On the last weekend of September I'll be participating in a local theatre production of Alice in Wonderland. I'll be playing the Duchess! Can you remember her from the movie? I can't. But hopefully I will deliver a performance that will put the Duchess's face in all of your imaginations, PERMANENTLY. You can purchase tickets for it here:
My enjoyment of this theatrical production has been greatly enhanced by some art side-projects I've taken on. Namely, doodling during practice, creating a mask for the frog footman, and making my first piece of costume jewelry ever: a tiny mad hatter head for the mad hatter to wear.
During the rehearsals I did some impromptu figure drawing sketches, then developed them later into these little icons. Some of them retained the original looks of the actors, some didn't! Can you recognize any of the original Alice in Wonderland characters?
Frog mask Project
This was a very fun project. I've become a bit obsessed with learning how to make theatrical masks, because they can add such a level of storytelling to the characters that wear them!
This was my process for the frog mask:
Step 1: Sculpting
The first step in creating these kinds of masks is to sculpt a clay version of the mask. I just bought a bunch of kids plasticine clay at a local stationary store, plus a thrift store, and mushed them all together. It doesn't matter what the colours are at this stage of the game, though I do like how the colours ended up looking for this frog!
I realized quickly that I wouldn't be able to create a frog mask where the eye holes for the person matched the eyes of the frog. So I decided to make the nose holes into the eye holes. Unfortunately, frogs do NOT have big nose holes! So the froggishness of of my frog mask was compromised a bit. In retrospect, I should have spent a bit more time in this stage of the process, focussing on making the mask more symmetrical, even and smooth. Later on I found that it was turning out a bit bumpy and wobbly. Oh well! This is only the second mask I've ever completed, so there's gotta be room for grace!
Step 2: Casting a mould
After I'm happy with the sculpt, the next step is to create a mold for the paper mache. Apparently in traditional Venetian mask making they use plaster of paris at this stage of the game, but I haven't tried that yet. I made the mould out of plaster strips, instead. You can buy those at Michaels or on Amazon, if you want. Plaster strips are wonderful sculpting tool.
After the clay sculpture is all covered in the plaster strips, I wait for it to dry and then pull all the clay out of it. That part is a great workout for the fingers, and deadly for the fingernails!
Step 3: Paper mache/Paper clay sculpting Art project
For this project, anyway, I made a bit of a boo-boo. I tried to press paper mache strips into the plaster mold I made, but I guess I didn't soak the paper enough in the glue/water mixture, so it wasn't actually very stuck together when I pulled it out of the plaster mould! Perhaps I should have let it dry longer, perhaps I should have done more layers, perhaps I should have let the paper get more soaked... Not sure. But in the end, I had to put ANOTHER layer of plaster strips on top of the paper mache stuff, and then sculpt over that with paper clay to make it smooth. This created a bit of a too-heavy mask, in my opinion. Next time I'll try something different.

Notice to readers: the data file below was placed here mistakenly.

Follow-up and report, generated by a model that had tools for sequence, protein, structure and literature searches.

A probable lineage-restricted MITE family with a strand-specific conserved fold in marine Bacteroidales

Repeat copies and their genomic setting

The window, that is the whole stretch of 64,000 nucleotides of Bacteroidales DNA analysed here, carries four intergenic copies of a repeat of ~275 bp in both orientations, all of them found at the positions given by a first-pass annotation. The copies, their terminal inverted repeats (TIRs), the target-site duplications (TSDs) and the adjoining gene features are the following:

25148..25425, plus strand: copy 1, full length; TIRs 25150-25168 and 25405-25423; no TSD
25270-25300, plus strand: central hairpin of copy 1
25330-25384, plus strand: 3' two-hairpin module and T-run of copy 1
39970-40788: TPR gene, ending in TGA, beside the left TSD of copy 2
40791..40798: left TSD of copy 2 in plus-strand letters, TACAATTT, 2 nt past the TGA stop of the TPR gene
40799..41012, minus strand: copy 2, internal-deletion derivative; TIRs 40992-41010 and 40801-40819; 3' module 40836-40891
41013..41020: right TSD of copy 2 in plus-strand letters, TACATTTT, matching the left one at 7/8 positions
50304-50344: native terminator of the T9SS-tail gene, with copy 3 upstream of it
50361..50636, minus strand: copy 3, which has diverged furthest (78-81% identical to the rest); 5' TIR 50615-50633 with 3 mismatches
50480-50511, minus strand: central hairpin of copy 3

But it looked alright, anyway!
Step 4: Painting
This was a very fun part of the project! I used acrylic paints for the colour. In the future, I would like to find a kind of paint that doesn't feel as sticky as acrylic. Do you know of any? I'd like more of a chalky texture for other masks, but for a frog the shiny sticky feel was actually pretty ok.
And that's that! It turned out a bit less symmetrical than I'd like, and unfortunately I didn't have the head dimensions of the kid that's going to wear it, so I think it fits her even more awkwardly. These are things I'll have to improve on for future masks. But I like the general look of it, and it was a blast to make! So all in all, I'd consider this project a success.
Mad hatter pin
As per my wont, I got side-tracked into a non-essential but VERY FUN project: a mini Mad Hatter pin for the Mad Hatter to wear! :D
This was another first for me: I've never made jewelry before, and I've never tried sculpting a real person's face before. However, I think I captured his face quite well, if not in a slightly doll-like caricature style!
I started off by sculpting with paper clay. I let it dry, then I tried painting an undercoat of brown, with the idea that I'd sponge colour over it, leaving darkness in the cracks. But I bumped into a problem - I do not like how streaky my acrylics are! I wanted a porcelain-like smooth finish on this, as if it were made of enamel. I ended up getting close to the look I was trying for by mixing my acrylics with a very high ratio of gloss medium.
After I was done painting the face I remembered that the whole point of the project was to make the mad hatter, so I sculpted a hat. I went to Michaels and got rather over excited in the bead/jewelry section and bought a bunch of gears and keys and gold coloured glass beads. I guess now I'll have to make more steampunk jewelry. Oh well. ;)
I sewed/glued everything to a piece of black felt and then trimmed it down so you can't see much of it. I am very happy with how it turned out!
Thanks for joining me on this VERY FUN creative journey! I hope you enjoyed seeing my process!